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Vegan and vegetarian diets are not just the latest trend. According to climate experts, these diets could actually help mitigate the effects of climate change.
“From a greenhouse gas standpoint and a climate standpoint, there are many advantages to a vegetarian diet and a vegan diet,” Rob Jackson, chair of the Department of Earth System Science at Stanford, said.
Transitioning towards a more plant-based diet could reduce food-related greenhouse gas emissions by up to 70 percent, according to the Proceedings of the National Academy of Sciences of the United States of America.
The agriculture industry has major anthropocentric impacts, which are impacts originating in human activities. Reduction of greenhouse gases is the most prominent effects of vegan and vegetarian diets; others include reduced destruction of rain forests, increased efficiency of food production and cleaner, more abundant water.
Reduction of greenhouse gases
Methane is generated in the guts of animals, according to Rob Jackson. The livestock sector of agriculture emits 37 percent of anthropogenic methane, which has 23 times the global warming potential of carbon dioxide, according to the Food and Agriculture Organization of the United Nation’s “Livestock’s Long Shadow” report.
The livestock sector is also responsible for 64 percent of anthropogenic ammonia emissions, which contribute to acid rain and acidification of ecosystems.
Agriculture’s effect on land
According to the Food and Agricultural Organization of the United Nations (FAO), the livestock sector is the single largest anthropogenic user of land. Livestock production accounts for 70 percent of all agricultural land and 30 percent of the land surface of the planet.
According to Jackson, the most extreme example of animal agriculture’s effect on land is tropical deforestation. Chopping down forests, and especially rain forests, releases carbon dioxide from the trees and soil into the atmosphere.
The greatest amount of deforestation is occurring in Latin America, where 70 percent of previous forested land in the Amazon is occupied by pastures, according to the FAO. About 20 percent of these pastures and rangelands have been degraded through overgrazing, compaction and erosion created by the livestock sector.
Efficiency of food production
This effect boils down to the logic that we can feed the animals the food we would have eaten or we can eat that food directly, which saves resources and reduces emissions during production.
In addition, a plant-based diet would reduce the amount of land used and the amount of food needed to be produced.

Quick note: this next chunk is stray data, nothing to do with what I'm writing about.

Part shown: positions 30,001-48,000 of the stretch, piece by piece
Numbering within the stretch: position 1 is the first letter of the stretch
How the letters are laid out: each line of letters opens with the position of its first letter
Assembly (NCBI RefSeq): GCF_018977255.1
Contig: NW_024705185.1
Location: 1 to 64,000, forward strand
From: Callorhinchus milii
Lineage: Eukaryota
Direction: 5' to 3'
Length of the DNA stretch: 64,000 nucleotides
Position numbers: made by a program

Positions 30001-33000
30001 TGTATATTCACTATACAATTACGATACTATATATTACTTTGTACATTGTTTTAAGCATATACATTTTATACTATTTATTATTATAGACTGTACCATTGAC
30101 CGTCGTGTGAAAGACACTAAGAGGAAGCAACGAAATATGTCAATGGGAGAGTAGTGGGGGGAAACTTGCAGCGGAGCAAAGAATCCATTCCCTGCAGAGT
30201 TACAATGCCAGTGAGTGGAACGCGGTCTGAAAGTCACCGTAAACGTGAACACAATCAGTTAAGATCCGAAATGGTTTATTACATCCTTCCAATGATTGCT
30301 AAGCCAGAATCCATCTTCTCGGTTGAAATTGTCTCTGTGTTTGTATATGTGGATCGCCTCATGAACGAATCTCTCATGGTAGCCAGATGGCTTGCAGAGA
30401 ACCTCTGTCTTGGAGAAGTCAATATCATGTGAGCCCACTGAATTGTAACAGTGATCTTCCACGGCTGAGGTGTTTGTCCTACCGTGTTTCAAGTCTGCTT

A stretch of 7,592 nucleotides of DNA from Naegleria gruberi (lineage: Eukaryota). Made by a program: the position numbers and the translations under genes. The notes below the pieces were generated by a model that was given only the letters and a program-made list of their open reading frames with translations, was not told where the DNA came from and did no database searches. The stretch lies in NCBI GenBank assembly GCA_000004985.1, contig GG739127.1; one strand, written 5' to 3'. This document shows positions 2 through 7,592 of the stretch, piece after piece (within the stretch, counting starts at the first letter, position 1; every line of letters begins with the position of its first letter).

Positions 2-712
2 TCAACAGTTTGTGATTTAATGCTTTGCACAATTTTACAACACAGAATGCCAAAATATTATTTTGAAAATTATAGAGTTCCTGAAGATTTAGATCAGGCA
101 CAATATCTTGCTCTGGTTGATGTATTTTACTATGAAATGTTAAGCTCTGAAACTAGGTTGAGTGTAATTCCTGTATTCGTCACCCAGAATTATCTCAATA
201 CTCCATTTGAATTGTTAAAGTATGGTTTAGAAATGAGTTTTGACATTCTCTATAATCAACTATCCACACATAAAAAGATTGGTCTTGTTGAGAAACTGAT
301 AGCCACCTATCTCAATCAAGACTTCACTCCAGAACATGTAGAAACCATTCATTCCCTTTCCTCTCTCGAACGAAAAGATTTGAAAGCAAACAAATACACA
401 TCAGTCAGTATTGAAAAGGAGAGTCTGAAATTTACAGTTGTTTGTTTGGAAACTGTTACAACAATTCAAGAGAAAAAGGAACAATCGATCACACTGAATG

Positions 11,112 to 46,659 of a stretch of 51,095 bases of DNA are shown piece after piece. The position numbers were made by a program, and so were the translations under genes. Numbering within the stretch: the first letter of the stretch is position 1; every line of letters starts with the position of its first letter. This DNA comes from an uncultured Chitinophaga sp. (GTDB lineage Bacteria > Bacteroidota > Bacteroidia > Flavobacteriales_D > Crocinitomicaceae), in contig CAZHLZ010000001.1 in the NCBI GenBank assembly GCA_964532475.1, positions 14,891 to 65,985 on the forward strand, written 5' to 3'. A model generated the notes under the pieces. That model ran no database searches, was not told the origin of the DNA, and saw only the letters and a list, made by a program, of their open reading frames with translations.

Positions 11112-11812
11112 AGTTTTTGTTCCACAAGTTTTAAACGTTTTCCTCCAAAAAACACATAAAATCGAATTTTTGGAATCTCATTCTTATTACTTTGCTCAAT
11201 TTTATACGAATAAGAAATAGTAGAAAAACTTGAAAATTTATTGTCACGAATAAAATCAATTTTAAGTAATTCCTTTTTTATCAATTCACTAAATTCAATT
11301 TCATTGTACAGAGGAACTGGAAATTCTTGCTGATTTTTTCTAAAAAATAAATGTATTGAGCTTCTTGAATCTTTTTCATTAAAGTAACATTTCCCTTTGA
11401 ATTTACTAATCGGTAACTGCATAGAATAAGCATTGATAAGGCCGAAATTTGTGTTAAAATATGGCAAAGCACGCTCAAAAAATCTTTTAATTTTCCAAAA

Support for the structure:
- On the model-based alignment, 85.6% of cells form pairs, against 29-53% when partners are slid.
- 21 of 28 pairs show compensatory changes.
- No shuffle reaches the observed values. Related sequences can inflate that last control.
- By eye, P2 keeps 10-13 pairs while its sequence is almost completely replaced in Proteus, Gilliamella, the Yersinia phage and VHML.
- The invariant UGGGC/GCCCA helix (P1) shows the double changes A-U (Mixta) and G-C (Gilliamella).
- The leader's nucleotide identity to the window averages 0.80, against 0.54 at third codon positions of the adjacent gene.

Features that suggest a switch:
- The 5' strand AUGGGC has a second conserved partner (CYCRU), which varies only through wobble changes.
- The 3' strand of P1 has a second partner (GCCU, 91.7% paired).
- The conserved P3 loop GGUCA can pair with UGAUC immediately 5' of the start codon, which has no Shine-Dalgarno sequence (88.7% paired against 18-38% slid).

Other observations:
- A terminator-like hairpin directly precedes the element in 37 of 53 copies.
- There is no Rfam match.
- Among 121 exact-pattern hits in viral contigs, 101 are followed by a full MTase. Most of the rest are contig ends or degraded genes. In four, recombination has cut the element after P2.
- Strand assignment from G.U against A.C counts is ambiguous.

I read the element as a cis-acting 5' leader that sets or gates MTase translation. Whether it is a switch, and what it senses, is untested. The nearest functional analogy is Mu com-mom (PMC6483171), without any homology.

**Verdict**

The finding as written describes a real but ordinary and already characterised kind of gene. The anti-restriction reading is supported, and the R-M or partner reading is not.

Cleaner, more abundant water
According to the FAO, freshwater shortage, scarcity and depletion are becoming an increasing world problem. Accounting for over 8 percent of global human water use, the livestock sector plays a key role in increasing water use.
In addition to water use, the livestock sector also is a huge source of water pollution. Pollutants come in the form of animal wastes, antibiotics and hormones, chemicals, fertilizers and pesticides and sediments from eroded pastures.
In the United States, livestock are responsible for an about 55 percent of erosion and sediment and 37 percent of pesticide use, according to the FAO.
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"Even as we green up our energy use, which we’re doing with solar and wind, one area where we are going to massively increase both greenhouse gas emissions and water use is from our diet," Dana Hunnes, assistant professor at the UCLA Fielding School of Public Health, said.
Some argue that other dietary changes, such as purchasing only locally sourced food, can reduce one’s carbon footprint but only to some extent.
According to a Carnegie Mellon study, greenhouse gas emissions associated with food are mainly created by the production phase which contributes 83 percent of a U.S. household’s carbon footprint for food consumption. Transportation as a whole represents on 11 percent of life-cycle greenhouse gas emissions.
The authors of the study suggest that a plant-based diet can be a more effective dietary shift compared to “buying local.”
“Shifting less than one day per weeks' worth of calories from red meat and dairy products to chicken, fish, eggs or a vegetable-based diet achieves more GHG reduction than buying all locally sourced food,” the study says.
“People are better off eating meat if they can’t get what they need from a vegan diet, but certainly in a country like the U.S. that’s not really the issue,” Jackson said.
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